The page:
If Time magazine isn't impressed by your would-be moral panic, you're doing it wrong. In LA County, a sheriff sent out a general call of alarm -- see, since marijuana-laced candy and treats exist, somebody might try to feed them to your children when they go trick or treating. 

But Time.com soothes:

Like earlier warnings about razors in apples and other poisoned candy, there's no evidence that any such misdeed has ever occurred. Think about it for a moment: why would a presumed drug user or dealer waste expensive and often difficult to acquire drugs on children?

That's a really good question: 

Marijuana brownies are being sold for $9 apiece, or $75 for 10, at a San Francisco dispensary, for example. A Colorado group reported selling them recently for $8 apiece. Compare that with the average cost of ordinary candy — several cents per piece. With folks typically giving out not more than $1 worth of loot per trick-or-treater, adding pot-laden snacks to the mix would rapidly make for one expensive trick in the Great Recession!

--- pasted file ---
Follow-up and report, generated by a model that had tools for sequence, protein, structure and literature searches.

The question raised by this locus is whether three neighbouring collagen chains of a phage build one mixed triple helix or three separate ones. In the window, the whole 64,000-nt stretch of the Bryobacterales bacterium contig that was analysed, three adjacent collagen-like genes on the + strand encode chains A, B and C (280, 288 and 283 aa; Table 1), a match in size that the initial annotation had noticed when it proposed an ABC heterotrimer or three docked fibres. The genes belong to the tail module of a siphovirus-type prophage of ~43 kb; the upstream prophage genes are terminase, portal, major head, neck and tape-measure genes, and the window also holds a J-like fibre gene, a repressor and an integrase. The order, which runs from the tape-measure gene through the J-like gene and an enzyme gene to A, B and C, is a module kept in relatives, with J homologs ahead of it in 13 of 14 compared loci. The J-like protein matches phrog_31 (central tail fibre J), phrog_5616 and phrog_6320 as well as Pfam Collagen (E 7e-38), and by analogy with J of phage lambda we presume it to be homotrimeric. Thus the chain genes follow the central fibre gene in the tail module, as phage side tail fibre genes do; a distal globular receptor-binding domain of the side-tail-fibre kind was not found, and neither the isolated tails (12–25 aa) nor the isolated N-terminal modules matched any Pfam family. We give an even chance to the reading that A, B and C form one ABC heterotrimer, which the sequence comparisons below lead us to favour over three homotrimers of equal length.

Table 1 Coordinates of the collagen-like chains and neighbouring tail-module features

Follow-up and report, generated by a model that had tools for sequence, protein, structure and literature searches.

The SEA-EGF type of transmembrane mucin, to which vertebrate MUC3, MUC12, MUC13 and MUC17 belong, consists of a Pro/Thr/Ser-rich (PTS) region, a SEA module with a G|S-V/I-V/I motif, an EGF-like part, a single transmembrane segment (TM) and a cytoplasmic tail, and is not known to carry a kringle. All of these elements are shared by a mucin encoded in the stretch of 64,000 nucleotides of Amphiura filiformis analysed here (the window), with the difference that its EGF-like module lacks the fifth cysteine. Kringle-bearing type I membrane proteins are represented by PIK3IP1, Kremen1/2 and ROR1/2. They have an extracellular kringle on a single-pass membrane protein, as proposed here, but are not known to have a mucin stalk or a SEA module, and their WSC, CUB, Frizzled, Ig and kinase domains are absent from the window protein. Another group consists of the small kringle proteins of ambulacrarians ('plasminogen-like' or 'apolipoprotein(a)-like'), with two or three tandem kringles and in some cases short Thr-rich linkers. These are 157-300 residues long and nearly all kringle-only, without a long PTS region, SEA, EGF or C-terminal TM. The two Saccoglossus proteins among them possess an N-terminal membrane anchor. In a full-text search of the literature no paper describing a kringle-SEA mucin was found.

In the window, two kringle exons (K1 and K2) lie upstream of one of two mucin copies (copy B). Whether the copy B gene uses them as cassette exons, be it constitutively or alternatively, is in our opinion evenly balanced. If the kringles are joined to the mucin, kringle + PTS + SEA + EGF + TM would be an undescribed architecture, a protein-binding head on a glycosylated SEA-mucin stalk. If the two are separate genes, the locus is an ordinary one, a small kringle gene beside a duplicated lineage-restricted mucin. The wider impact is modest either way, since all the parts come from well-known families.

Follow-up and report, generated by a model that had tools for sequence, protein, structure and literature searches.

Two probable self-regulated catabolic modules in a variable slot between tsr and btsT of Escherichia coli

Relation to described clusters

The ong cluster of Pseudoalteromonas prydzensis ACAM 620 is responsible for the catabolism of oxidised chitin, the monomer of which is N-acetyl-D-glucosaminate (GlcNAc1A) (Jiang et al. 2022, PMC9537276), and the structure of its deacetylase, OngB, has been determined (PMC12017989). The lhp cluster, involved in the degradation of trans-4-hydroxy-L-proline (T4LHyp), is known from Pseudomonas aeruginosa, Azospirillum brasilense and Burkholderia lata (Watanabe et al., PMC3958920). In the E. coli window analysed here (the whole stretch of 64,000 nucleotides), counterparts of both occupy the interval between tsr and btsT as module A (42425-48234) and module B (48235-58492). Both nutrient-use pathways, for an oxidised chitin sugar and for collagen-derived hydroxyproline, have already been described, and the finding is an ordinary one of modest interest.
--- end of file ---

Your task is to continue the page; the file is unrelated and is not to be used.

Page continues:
The L.A. Sheriff had also warned about this possibility last year, with no reports of any actual child victims.

Weirdly rational of you, Time. And bonus points for linking to numerous Snopes.com articles which defuse many of the classic Halloween horror stories.

Sure, it's possible that asshole would try to make a kid sick by giving them a weed lolly. But that's probably not going to happen. 

Katherine Mangu-Ward on how your child's costume might kill them (according to the Consumer Product Safety Commission). 

Reason on the childrens and Halloween.

Update: Jesse Walker just pointed out the why of this strangely sensible Time.com article -- it was written by Reason contributor Maia Szalavitz.